Let’s make this personal. Does God have the right to take away your children in a car accident today? He does. Does he have the right to take away your wife, your house, your retirement savings? He does. And we have to have a willingness to give all to God and to relate to all as if it belonged to God or we will not have the same joy in those things. What does Mark 10 promise? That there is no one who has given up brothers and sisters and husbands and wives and houses and lands for my sake and the Gospels who shall not receive the same things back one hundred fold. One hundred fold! That's incredible. But you see, He can trust stewards with more. He tested Job's stewardship heart, and Job passed the test. And God gave Job more.

There is a joy in stewardship. By giving up all to God we end up having far more. But those who selfishly seek to be first will be put last by the Lord. He says, "the last will be first, and the first last" (Matt. 20:16). And so God says, welcome back to stewardship. Now that Israel had passed the test (and it was a test), God tells them that He can trust them with booty. He can trust them with victory, fame, and riches. So the principle is just the same in Ai as it was in Jericho. God wanted Israel to relate to things the way He told them to relate to things. And when you are right with the Lord, you want to do that anyway. You love stewardship. You believe that stewardship truly is a principle of life that works. So you are delighted to be welcomed back as a steward of God's kingdom.

Welcome Back to a Life of Fulfillment (v. 2b)

Fifth, God in effect says, "Welcome back to a life of fulfillment." I find it so ironic that God gives these Israelites in verse 2 the very thing that Achan tried to steal. If he had just waited, he would probably have had all the silver and gold and fine clothes that he wanted. Second sentence in verse 2: "…its spoil and its cattle you shall take as booty for yourselves."

Our God is a generous God. Isn't He? We can never outgive the Lord. No matter how much we may be deprived or deprive ourselves, God will pour back more. When God tells us to take up our cross, to deny ourselves and follow Him, He is not calling us to a lifetime of misery and depression. On the contrary, the same Christ who said, "If anyone desires to come after Me, let him deny himself, and take up his cross, and follow Me" (Matt. 16:24), also said, "I have come that they may have life, and that they may have it more abundantly" (John 10:10). Not less abundantly. It is the paradox that when you seek your own life, you lose it, but when you lose your life for God you gain it.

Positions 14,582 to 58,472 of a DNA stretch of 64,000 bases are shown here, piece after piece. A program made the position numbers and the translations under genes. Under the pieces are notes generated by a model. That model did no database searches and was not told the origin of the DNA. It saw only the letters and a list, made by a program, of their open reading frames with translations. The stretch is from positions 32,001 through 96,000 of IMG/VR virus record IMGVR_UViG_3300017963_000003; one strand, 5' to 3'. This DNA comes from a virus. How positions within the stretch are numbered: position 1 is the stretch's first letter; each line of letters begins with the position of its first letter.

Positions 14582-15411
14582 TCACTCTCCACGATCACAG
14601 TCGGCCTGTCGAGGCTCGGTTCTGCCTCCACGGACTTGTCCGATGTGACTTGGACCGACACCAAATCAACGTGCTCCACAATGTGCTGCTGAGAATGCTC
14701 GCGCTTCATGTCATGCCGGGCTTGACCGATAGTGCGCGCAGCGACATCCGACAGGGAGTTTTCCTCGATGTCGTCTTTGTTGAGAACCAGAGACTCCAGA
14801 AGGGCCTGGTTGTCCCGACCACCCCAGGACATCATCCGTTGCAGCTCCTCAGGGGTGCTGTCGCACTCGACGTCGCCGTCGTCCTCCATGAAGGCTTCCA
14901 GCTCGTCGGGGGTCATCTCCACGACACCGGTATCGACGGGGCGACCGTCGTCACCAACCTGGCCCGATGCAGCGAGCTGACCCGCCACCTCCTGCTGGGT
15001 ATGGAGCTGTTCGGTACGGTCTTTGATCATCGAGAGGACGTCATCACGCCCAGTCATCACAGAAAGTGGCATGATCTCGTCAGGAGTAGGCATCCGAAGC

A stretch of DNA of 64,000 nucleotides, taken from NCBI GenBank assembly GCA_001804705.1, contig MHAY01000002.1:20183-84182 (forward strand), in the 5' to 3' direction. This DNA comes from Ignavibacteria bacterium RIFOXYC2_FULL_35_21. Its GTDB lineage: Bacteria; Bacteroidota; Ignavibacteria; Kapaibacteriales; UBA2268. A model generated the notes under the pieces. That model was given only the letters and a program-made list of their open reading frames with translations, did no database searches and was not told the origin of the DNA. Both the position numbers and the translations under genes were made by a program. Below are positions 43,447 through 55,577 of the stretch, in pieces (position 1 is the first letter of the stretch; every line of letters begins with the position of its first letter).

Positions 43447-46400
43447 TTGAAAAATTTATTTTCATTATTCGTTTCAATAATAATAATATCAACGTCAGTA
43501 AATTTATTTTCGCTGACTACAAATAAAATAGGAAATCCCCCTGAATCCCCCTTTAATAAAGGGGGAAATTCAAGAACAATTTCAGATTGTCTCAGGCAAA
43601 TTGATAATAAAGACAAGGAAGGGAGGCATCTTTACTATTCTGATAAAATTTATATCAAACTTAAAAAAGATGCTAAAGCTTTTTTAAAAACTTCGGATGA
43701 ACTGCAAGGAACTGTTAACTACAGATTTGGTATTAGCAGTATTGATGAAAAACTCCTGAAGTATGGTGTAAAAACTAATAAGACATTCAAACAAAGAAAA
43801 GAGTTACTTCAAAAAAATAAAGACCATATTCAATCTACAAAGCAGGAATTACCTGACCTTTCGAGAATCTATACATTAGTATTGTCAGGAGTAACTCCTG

If God has been convicting you about something you are not relinquishing to Him, put Him to the test. Give it all to Him and see if He does not enable you to find far more fulfillment than when you selfishly related to that person or object. God's purpose for our life is fulfillment in Him; joy heaped up, shaken down and running over. Seek first the kingdom of God and His righteousness, and all these things shall be added to you. Achan failed that lesson. These Israelites gained from it. Welcome back to fulfillment in life. Solomon after many years of vanity and emptiness was welcomed back by God to a life of fulfillment. And he didn't find it in things like Achan was trying to do. He found it in serving God. And actually, what is weird about Achan is that he couldn’t enjoy the things he had stolen. He had to hide them.

Welcome Back to the Joy of Being Instructed (v. 2ff)

Sixth, welcome back to the joy of being instructed. God gives a whole series of instructions in this chapter of what they should and shouldn't do. Because they were walking rightly with God, they saw the relevance of the instructions; they rejoiced in the instructions. They didn't bristle or react negatively. But that isn't the case when you are out of fellowship with God. When you are out of fellowship with God, Bible Study no longer has the same joy. Devotions are no longer appealing. And when someone like Joshua outlines God's laws on some issue, they can seem so legalistic, dry and meaningless to us.